Highlights From This Issue
We start out in Ohio with new information about an early patent holder and how his design traveled. Returning to the subject of great wheels we learn how a child’s great wheel was constructed, and some variations on spindle heads are presented. Three one-of-a kind spinning wheels appearing at opposite ends of the world are described.
Jacob Shaw’s Patented Spinning Wheel
Doing historical and genealogical research has become much easier in the last 20 years thanks to the Internet. Census records are now on-line, and 19th-century local histories have been digitized. Recently with help from several people I have learned more about Jacob Shaw of Ohio, an early patent holder for a moving-spindle wheel. His design, which pivots from the floor, was carried by settlers from Missouri to Oregon.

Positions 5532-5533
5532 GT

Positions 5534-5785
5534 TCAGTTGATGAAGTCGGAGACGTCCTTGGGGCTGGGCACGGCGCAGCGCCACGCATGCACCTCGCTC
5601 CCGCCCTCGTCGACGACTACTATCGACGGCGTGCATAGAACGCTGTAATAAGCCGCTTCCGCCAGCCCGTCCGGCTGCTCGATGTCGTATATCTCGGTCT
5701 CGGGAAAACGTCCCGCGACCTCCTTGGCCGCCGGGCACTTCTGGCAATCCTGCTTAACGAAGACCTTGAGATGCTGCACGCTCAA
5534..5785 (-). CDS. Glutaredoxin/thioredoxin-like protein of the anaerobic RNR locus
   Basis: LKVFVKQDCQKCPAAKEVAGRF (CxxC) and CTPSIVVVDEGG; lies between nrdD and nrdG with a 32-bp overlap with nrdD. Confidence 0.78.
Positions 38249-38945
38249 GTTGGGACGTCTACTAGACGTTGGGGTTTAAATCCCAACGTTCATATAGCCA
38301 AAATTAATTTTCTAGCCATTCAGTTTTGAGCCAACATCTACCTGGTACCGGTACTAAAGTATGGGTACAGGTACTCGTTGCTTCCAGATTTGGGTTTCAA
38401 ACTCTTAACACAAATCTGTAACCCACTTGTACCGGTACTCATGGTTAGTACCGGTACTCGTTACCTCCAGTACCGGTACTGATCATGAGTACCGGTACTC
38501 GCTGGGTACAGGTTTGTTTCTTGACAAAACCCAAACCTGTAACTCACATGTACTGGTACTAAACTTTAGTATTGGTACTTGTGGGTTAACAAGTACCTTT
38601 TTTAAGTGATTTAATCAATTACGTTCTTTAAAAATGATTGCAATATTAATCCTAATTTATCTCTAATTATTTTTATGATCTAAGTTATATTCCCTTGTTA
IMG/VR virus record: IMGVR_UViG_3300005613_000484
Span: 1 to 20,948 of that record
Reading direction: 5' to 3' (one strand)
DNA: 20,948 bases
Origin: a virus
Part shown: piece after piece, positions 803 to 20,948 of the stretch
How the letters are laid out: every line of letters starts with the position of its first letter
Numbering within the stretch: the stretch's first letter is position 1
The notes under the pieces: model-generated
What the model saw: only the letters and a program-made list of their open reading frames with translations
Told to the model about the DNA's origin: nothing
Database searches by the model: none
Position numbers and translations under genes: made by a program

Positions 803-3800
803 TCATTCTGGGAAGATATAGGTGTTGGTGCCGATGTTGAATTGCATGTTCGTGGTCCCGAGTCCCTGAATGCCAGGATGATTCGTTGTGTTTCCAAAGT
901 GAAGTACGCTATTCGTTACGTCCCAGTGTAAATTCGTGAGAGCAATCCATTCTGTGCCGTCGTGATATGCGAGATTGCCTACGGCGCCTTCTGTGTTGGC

Notes from Ron Antoine about Aurora Colony Wheels
The well-known spinning-wheel restorer Ron Antoine told me about the replica of the Aurora Colony wheel that he built and a poem he discovered written on the underside of one of the old spinning wheels in the Aurora Colony museum.
Constructing a Child’s Great Wheel
Ed Rowe knew that there were examples of child-size spinning wheels, but he had never seen one, even though he builds and repairs spinning wheels. But when his 11-year-old granddaughter asked for one, he worked out how to construct a “special order” for his special spinner.
Variations on Spindle Heads
Variations in spindle heads for great wheels continue to appear. Michael Holcomb describes two direct-drive examples, and Paul Menard discusses one that may or may not be an example of a direct drive.
Update: Another Ohio Spinning Wheel Maker
As an Update, Michael Taylor presents John Vincent, another Ohio spinning-wheel maker, who also became a gunsmith.
Three One-of-a-Kind Spinning Wheels
One-of-a-kind spinning-wheel designs can be found all over the world. Carlton Stickney found his in upstate New York; Owen Evans found his in Brisbane, Australia; and Dorothy Lumb reports on one found in England.